Courts in Criminal Justice

On ratification of the Fourteenth Amendment, the US Supreme Court made sensitive ruling regarding provisions of protection to criminal offenders through the Bill of Rights. Some of the provisions are available to the states, while others are under the sole mandate and responsibility of the federal government. The main objective of this paper is to focus on the provisions that are inapplicable to the state and aspects of substantive and criminal law with regards to the same Bill of Rights.

In the Fourteenth Amendment, there are clear provisions that the Bill of Rights gives criminal offenders. They include Protection against Excessive Bails, Equal Protection and the Right to the Indictment by a Grand Jury. These provisions, according to the US Supreme Court’s ruling concerning the Amendment, do not apply to the states and are binding to the Federal Government only.

In the first instance, the states’ local jurisdiction courts have the onus to impose fines and give bails without any restrictions. However, the Federal Government can only do that under tight observation of the legal conditions in place as per the Fourteenth Amendment’s Bill of Rights.

Secondly, the right to the indictment by a Grand Jury does not apply to the states. This provision is only applicable with cases concerning the federal authority. The states, as per the Supreme Court’s judgment, do not require such an arrangement. In case that happens, the local jurisdiction powers have the mandate to make their own rules regarding that whole procedure. They are not restrained by any legal provision of the Fourteenth Amendment (US Supreme Court, 2011).

Additionally, the provision of Equal Protection does not apply to the states. The Supreme Court’s ruling elicited sharp reactions from several quotas regarding this one. There are people who believe that it was irrational and ill-intended to make such a ruling, as a lot of the US citizens face many forms of discriminatory injustices, especially African Americans.

In criminal law, there are substantive and procedural laws. The two complement each other and one cannot be without the other. That is, one refers to the specification of a given legal event in case of a criminal activity. The other one is the step-by-step process of ensuring that the event takes place.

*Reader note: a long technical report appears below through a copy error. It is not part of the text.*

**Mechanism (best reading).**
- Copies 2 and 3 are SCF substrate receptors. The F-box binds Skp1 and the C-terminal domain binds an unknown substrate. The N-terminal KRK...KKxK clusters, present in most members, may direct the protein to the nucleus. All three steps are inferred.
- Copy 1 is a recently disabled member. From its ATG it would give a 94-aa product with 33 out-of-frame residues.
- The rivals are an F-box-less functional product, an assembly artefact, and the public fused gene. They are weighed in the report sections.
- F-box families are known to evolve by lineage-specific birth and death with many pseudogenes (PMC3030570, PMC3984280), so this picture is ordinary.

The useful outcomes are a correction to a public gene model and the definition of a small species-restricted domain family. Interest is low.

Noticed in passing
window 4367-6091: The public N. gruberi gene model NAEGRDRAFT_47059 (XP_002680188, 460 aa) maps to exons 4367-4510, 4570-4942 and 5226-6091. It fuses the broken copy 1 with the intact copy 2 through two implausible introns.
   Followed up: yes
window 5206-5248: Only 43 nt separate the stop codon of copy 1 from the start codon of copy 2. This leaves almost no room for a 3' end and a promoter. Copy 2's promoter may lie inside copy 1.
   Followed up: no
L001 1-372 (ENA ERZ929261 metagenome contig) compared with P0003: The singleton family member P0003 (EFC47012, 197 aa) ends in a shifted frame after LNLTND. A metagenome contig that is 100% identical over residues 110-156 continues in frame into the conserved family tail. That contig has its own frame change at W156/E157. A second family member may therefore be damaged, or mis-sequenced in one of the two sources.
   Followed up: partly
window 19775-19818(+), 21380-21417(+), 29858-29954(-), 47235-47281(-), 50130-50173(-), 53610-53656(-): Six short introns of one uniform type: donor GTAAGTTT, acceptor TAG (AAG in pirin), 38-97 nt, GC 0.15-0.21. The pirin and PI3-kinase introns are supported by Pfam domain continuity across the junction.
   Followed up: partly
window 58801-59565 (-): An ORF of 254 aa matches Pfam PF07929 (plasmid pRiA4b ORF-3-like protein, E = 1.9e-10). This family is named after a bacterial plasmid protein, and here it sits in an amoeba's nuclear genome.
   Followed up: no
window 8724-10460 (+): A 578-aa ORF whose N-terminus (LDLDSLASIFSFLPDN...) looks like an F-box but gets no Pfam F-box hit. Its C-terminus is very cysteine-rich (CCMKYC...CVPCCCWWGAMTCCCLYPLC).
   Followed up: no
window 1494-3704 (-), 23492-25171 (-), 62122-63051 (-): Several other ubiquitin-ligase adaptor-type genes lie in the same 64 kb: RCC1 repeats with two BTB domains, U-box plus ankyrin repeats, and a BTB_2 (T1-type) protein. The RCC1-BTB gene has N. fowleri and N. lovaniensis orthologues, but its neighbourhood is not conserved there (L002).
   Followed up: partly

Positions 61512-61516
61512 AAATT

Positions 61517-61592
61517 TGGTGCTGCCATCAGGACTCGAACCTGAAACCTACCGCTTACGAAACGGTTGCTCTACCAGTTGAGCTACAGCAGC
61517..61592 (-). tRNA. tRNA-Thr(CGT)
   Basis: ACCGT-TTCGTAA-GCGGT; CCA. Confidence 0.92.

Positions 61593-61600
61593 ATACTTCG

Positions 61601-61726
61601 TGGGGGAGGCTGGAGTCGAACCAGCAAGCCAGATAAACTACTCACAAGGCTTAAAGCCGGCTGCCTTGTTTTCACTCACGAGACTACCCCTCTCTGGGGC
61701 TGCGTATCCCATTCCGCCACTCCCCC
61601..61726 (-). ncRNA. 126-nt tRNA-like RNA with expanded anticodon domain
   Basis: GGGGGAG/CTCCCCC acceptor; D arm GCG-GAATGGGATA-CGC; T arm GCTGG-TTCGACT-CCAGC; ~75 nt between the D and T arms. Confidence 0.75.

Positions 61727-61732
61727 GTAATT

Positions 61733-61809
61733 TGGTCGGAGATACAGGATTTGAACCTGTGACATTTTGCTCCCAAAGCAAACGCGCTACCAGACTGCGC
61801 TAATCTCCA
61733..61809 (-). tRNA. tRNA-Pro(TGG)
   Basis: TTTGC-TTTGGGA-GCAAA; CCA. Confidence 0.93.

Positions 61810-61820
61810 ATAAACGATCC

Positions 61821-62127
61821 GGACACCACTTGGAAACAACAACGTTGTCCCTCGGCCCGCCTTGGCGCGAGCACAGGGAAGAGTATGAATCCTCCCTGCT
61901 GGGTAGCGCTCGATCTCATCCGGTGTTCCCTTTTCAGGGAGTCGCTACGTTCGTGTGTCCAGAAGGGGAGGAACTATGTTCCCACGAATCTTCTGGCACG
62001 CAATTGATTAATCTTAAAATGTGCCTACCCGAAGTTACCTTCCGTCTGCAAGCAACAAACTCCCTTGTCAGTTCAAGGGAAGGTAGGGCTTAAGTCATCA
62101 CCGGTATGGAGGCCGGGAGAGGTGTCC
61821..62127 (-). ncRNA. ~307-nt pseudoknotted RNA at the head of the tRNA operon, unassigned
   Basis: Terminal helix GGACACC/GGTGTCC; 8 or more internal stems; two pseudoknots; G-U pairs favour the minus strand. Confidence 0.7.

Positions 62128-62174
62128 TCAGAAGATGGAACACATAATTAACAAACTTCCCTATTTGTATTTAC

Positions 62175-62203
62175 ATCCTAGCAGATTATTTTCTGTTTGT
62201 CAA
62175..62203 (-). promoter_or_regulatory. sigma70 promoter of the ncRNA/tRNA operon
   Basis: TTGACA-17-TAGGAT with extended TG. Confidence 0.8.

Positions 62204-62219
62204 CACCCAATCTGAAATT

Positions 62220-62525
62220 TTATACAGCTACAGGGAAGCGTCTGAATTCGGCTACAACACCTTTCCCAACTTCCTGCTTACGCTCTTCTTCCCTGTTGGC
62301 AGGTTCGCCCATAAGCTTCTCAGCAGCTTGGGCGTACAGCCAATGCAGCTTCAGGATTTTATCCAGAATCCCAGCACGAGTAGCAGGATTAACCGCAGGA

Procedural law describes the methods that guide the normal processes of ensuring fundamental rights remain relevant in any legal activity. This seeks to ensure that entire process guarantees fairness to all concerned parties. It is a set of rules that guide the process of dispensing justice (Legal Information Institute, 1992).

Besides procedural, there is substantive law. This part of the law entails the creation and defines the fundamental rights and responsibilities that must guide any legal process and definition of the responsibilities and fundamental rights.

In the Bill of Rights, as provided for in the Fourteenth Amendment, there are significant aspects of both substantive and procedural laws.

The aspect of “due process” is an evident illustration of procedural law. Incidents of the “due process” include protection against undue searches and seizures, protection against double jeopardy, and the requirement for law enforcement agents to inform the reasons for their arrest.

In substantive law, there are particular duties and fundamental rights that matter. They include the Right to Fair Trial, the provision of Equal Protection and the Right to a Grand Jury. These are designed as specific rights, duties and mandates that must be there for different legal contexts.

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